Microsoft Excel is a long-running spreadsheet program developed by Microsoft as a part of the Microsoft Office suite of programs. Excel has been part of Microsoft's signature office suite for over twenty years.
- The ultimate, industry-standard spreadsheet program.
- Great for creating budgets, analyzing business data, doing basic accounting and more.
- Can be purchased as a one-time license or as a subscription via Office 365.
- Excel is available for Windows, Mac, iOS and Android.
- There is also an online version that can be used in a web browser.
- A versatile, industry-standard spreadsheet program that's loaded with features not offered by the competition.
- Compatibility. Because Excel is so widely used, you and anyone you send files to are unlikely to have issues opening them.
- There is no steep learning curve for the newer versions of Excel. It is still largely the same program that it was in 1995, so anyone who has ever used it will be familiar with how to use it now.
- Cost. Excel and the rest of Microsoft Office are very expensive. Although the Office 365 plans do lessen the cost somewhat, subscription costs do add up over time. There are cheaper or even free programs that can do nearly everything Excel can do.
- Does not have the specialized features to make it a good option for use as an accounting program. For anything larger than a very, very small business, a dedicated accounting program such as QuickBooks should be considered.
- Many users do not use or need all the features that come with Excel. The sheer amount of features can be overwhelming for some users.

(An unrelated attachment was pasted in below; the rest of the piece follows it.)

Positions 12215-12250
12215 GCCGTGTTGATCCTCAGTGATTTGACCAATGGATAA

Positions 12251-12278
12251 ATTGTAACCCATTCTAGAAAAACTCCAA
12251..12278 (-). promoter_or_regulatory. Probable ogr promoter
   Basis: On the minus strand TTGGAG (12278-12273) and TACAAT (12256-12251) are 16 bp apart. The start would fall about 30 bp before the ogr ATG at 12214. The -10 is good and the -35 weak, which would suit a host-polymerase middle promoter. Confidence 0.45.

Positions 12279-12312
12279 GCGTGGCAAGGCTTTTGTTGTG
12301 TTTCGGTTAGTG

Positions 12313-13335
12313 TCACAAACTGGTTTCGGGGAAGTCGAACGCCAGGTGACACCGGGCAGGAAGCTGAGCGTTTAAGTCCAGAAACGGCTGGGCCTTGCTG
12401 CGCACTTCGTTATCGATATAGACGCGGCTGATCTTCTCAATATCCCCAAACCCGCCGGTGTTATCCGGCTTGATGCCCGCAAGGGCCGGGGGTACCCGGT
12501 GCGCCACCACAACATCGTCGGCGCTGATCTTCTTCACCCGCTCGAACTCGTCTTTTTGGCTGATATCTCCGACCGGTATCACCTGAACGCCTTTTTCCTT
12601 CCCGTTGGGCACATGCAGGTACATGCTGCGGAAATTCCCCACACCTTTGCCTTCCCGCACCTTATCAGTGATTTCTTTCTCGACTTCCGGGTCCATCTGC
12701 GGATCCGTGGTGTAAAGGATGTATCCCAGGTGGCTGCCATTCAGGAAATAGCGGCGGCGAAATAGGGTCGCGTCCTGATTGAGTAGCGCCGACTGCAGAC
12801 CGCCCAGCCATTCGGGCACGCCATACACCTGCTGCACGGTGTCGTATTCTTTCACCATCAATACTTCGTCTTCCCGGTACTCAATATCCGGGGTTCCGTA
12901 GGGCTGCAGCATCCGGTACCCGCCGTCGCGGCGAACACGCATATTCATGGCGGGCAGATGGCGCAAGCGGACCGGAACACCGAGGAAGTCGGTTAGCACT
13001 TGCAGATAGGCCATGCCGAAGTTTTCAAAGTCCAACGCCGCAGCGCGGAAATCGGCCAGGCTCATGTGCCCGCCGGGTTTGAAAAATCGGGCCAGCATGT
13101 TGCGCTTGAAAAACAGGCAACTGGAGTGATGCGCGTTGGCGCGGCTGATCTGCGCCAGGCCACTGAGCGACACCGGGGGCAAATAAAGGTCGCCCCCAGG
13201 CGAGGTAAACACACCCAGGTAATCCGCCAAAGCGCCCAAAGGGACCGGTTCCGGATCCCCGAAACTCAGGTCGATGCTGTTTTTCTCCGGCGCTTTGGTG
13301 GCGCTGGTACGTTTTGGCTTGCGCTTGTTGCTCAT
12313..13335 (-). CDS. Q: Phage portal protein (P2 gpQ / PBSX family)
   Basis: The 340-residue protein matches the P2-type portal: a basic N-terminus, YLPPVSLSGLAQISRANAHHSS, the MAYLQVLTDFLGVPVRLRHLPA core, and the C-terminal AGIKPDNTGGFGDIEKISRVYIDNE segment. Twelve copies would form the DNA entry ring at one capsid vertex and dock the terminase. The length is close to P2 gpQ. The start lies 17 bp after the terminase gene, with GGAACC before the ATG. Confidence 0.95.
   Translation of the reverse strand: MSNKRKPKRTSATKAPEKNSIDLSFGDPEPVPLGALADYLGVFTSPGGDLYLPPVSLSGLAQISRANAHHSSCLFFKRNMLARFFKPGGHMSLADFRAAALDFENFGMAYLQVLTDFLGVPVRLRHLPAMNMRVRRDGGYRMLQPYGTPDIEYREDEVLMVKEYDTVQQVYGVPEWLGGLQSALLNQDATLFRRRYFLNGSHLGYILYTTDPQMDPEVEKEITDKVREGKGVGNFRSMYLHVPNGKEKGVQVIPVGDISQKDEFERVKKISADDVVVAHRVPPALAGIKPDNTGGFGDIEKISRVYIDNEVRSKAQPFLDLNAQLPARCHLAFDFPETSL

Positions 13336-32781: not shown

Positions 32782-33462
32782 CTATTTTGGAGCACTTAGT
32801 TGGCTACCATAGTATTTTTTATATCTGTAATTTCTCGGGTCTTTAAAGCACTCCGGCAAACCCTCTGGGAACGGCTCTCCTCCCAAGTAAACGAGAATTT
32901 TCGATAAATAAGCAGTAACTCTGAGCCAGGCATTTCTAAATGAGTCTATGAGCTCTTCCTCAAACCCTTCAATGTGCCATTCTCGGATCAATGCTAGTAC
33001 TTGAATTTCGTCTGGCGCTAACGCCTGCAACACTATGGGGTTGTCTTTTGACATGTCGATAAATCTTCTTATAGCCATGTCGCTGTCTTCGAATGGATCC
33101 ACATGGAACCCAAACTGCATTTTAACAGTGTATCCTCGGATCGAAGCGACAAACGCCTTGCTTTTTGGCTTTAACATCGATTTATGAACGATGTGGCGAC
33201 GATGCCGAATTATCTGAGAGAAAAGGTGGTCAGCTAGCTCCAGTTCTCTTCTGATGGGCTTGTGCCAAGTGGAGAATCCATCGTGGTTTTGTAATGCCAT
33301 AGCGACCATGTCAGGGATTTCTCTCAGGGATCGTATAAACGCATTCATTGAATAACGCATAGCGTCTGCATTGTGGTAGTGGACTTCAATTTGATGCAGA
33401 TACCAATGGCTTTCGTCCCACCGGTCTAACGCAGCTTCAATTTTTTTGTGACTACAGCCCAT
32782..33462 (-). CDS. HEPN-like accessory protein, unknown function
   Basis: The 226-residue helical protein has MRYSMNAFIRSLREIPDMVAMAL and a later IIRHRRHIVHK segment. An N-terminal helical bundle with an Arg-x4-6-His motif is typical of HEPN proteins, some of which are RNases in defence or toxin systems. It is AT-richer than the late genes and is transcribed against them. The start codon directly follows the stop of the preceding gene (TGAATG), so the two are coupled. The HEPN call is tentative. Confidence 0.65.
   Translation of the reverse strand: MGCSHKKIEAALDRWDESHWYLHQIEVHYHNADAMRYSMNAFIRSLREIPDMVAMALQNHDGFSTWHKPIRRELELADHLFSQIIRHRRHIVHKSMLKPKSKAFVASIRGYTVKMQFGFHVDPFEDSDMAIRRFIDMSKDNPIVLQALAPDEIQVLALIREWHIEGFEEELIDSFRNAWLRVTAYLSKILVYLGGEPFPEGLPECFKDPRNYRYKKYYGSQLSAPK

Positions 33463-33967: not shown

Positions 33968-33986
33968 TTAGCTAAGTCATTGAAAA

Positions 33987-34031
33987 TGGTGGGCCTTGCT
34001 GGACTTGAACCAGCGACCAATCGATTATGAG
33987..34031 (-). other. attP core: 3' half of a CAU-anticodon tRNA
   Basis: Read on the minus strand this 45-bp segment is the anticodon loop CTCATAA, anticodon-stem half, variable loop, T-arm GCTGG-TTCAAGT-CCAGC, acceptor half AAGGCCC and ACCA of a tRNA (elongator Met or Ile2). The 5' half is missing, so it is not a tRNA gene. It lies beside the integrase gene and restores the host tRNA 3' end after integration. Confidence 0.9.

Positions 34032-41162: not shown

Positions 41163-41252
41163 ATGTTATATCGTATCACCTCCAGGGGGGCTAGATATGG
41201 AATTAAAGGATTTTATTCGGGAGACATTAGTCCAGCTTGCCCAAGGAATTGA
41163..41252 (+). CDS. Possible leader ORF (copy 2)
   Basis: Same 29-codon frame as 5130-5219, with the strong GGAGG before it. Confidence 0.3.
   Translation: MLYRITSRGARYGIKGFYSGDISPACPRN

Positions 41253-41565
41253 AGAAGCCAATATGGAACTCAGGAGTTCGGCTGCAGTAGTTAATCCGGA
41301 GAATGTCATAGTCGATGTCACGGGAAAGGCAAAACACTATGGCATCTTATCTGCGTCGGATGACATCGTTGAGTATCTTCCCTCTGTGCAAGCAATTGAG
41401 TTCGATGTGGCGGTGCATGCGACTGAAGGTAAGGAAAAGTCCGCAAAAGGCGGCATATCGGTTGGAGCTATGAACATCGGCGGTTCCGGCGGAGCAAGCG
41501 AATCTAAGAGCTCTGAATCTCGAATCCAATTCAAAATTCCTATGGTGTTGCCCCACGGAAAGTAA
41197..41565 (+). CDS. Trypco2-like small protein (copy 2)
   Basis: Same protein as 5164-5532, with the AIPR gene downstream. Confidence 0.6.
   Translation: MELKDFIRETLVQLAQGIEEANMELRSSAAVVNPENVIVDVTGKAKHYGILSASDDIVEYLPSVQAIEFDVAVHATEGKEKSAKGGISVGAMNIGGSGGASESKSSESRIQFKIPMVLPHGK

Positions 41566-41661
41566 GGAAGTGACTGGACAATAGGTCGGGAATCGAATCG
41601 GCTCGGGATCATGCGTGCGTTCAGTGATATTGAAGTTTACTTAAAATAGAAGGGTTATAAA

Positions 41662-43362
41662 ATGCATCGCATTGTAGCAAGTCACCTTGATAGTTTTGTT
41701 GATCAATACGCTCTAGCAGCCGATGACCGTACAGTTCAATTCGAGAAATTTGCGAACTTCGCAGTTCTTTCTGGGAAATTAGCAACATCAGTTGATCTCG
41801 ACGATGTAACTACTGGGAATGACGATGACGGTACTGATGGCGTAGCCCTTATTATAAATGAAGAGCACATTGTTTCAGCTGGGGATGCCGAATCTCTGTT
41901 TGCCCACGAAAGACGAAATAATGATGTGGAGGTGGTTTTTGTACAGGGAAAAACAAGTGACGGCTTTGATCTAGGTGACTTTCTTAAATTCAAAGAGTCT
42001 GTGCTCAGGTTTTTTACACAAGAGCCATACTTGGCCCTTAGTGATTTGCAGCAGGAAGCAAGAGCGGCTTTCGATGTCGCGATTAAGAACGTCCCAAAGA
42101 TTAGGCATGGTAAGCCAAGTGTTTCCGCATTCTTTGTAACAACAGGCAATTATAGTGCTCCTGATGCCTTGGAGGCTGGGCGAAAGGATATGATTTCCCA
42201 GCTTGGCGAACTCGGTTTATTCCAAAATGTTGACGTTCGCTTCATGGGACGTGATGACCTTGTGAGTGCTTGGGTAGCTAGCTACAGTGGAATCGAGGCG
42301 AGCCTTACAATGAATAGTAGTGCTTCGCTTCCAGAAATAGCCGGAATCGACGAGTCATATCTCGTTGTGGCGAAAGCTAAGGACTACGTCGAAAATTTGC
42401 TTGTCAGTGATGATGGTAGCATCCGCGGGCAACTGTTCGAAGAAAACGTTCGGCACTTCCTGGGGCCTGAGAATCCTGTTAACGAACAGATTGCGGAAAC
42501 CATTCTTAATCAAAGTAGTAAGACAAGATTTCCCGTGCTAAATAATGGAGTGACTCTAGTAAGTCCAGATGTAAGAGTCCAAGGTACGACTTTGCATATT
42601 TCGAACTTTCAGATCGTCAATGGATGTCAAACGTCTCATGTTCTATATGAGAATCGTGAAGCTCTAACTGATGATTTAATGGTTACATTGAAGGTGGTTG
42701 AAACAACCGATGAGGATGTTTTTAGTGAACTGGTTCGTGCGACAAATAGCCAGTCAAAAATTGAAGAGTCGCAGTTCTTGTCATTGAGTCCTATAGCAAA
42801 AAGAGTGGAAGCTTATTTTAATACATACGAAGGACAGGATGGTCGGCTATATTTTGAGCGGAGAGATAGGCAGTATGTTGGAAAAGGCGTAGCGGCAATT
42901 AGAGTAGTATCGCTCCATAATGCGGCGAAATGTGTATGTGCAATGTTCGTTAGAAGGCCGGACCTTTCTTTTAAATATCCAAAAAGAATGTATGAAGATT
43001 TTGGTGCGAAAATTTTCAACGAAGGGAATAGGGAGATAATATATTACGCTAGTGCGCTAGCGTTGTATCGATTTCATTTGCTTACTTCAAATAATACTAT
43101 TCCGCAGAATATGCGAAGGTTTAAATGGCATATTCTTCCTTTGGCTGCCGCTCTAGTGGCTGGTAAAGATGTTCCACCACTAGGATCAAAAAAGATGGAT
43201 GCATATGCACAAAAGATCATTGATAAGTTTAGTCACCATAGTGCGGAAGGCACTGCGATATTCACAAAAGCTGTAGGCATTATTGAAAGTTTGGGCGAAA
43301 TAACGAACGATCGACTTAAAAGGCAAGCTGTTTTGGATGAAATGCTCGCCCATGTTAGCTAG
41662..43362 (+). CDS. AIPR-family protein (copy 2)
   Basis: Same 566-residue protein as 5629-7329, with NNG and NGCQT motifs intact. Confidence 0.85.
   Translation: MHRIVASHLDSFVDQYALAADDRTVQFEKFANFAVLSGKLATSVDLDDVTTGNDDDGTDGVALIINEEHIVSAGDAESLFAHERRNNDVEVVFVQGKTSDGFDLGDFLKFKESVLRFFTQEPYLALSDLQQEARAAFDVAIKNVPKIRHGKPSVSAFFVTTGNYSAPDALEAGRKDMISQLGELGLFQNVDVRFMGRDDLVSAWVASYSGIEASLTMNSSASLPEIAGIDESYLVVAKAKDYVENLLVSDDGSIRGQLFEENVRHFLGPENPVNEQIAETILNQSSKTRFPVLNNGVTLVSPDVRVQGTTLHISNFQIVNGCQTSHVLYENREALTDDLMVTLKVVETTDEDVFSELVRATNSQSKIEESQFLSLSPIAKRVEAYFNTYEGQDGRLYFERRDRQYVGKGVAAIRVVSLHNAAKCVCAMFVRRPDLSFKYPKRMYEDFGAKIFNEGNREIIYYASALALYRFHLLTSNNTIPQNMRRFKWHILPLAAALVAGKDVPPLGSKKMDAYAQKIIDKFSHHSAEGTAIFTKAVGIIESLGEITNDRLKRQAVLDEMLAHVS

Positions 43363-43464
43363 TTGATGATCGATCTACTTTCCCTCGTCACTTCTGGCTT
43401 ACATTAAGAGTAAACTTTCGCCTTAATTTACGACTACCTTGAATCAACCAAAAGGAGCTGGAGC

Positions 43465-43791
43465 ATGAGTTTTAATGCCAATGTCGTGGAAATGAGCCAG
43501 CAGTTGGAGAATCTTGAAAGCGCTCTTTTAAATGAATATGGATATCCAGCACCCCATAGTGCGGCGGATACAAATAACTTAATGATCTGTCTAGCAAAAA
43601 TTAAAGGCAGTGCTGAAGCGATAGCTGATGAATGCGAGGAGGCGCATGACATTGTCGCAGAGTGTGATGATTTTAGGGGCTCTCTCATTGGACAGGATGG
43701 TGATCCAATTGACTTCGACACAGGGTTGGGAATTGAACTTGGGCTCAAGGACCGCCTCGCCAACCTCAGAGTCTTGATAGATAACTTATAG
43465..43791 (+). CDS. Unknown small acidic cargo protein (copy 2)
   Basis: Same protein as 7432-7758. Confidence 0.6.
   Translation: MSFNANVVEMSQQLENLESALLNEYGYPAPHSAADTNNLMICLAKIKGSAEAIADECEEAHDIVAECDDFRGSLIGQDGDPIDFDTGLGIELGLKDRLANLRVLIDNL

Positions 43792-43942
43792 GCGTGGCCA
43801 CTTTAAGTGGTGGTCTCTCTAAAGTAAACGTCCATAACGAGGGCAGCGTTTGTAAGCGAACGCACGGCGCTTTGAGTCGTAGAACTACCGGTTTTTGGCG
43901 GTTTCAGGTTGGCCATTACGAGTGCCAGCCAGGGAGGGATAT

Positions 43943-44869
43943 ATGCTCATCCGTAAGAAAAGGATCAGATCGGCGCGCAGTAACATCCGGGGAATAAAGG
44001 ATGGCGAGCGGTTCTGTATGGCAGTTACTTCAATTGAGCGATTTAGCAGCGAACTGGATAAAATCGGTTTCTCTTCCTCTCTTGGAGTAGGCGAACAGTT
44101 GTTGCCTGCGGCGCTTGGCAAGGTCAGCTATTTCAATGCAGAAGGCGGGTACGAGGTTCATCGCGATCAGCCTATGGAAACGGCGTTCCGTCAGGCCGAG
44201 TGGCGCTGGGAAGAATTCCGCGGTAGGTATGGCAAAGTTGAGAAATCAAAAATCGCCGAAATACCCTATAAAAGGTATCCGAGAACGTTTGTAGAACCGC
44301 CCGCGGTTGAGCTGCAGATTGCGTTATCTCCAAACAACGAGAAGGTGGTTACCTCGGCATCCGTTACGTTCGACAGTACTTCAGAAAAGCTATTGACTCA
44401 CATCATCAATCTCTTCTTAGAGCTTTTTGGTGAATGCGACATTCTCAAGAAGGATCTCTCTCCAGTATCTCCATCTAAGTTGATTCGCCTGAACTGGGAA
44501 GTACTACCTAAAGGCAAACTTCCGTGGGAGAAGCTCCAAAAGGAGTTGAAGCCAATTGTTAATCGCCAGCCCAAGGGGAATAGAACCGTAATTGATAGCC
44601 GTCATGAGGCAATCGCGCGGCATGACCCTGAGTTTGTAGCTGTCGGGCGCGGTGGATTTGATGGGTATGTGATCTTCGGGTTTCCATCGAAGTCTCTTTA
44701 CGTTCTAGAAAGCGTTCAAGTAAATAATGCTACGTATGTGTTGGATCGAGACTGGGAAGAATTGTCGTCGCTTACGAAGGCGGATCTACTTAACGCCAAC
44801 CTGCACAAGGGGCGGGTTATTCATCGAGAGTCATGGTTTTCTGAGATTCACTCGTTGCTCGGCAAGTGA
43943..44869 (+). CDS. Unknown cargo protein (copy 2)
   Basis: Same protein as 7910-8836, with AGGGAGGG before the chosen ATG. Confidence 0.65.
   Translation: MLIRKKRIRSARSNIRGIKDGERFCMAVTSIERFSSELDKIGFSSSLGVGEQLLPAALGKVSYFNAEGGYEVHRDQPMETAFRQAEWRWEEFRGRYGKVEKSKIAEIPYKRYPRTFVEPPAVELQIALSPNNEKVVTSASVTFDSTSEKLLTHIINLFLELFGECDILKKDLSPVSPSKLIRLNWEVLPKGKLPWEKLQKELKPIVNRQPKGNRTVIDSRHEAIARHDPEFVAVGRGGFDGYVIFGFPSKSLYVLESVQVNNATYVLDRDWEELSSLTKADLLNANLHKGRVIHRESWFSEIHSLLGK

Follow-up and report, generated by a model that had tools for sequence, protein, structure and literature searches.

Microsoft Excel continues to be the industry standard of choice when it comes to a professional grade spreadsheet program. It is a very versatile program that can do everything from creating a simple budget to handling complex statistics. In many ways, Excel has not changed substantially over the last twenty years, meaning it does not have a steep learning curve. This is largely due to how indispensable this program is, and for certain industries in particular, such as data science. The interface of Excel 2016 does not look especially different from Excel 2013. When it comes to new features, Excel has primarily added collaborative features over its last several iterations. Excel 2016 has been built specifically for collaboration and has some powerful new features such as greater cloud integration and Power Query, which allows users to pull in live data from sources such as databases and web pages. Excel is filled to the brim with features for number wonks, such as the ability to make charts and graphs from data, formulas to perform complex equations, the ability to write equations by hand and more. Microsoft offers a free trial of the program for anyone wishing to try it out. There are several purchase options, including a one-time purchase or an annual subscription to Office 365. There are different subscription levels depending on whether it will be used personally or for business as well as differing business features. You cannot subscribe to just Excel with Office 365 but Excel can be purchased on its own as a single license. However, at its steep price point ($129.99 for the Home and Student edition), it makes the most sense for most users to simply get the entire Office suite ($149.99 for the Home and Student edition).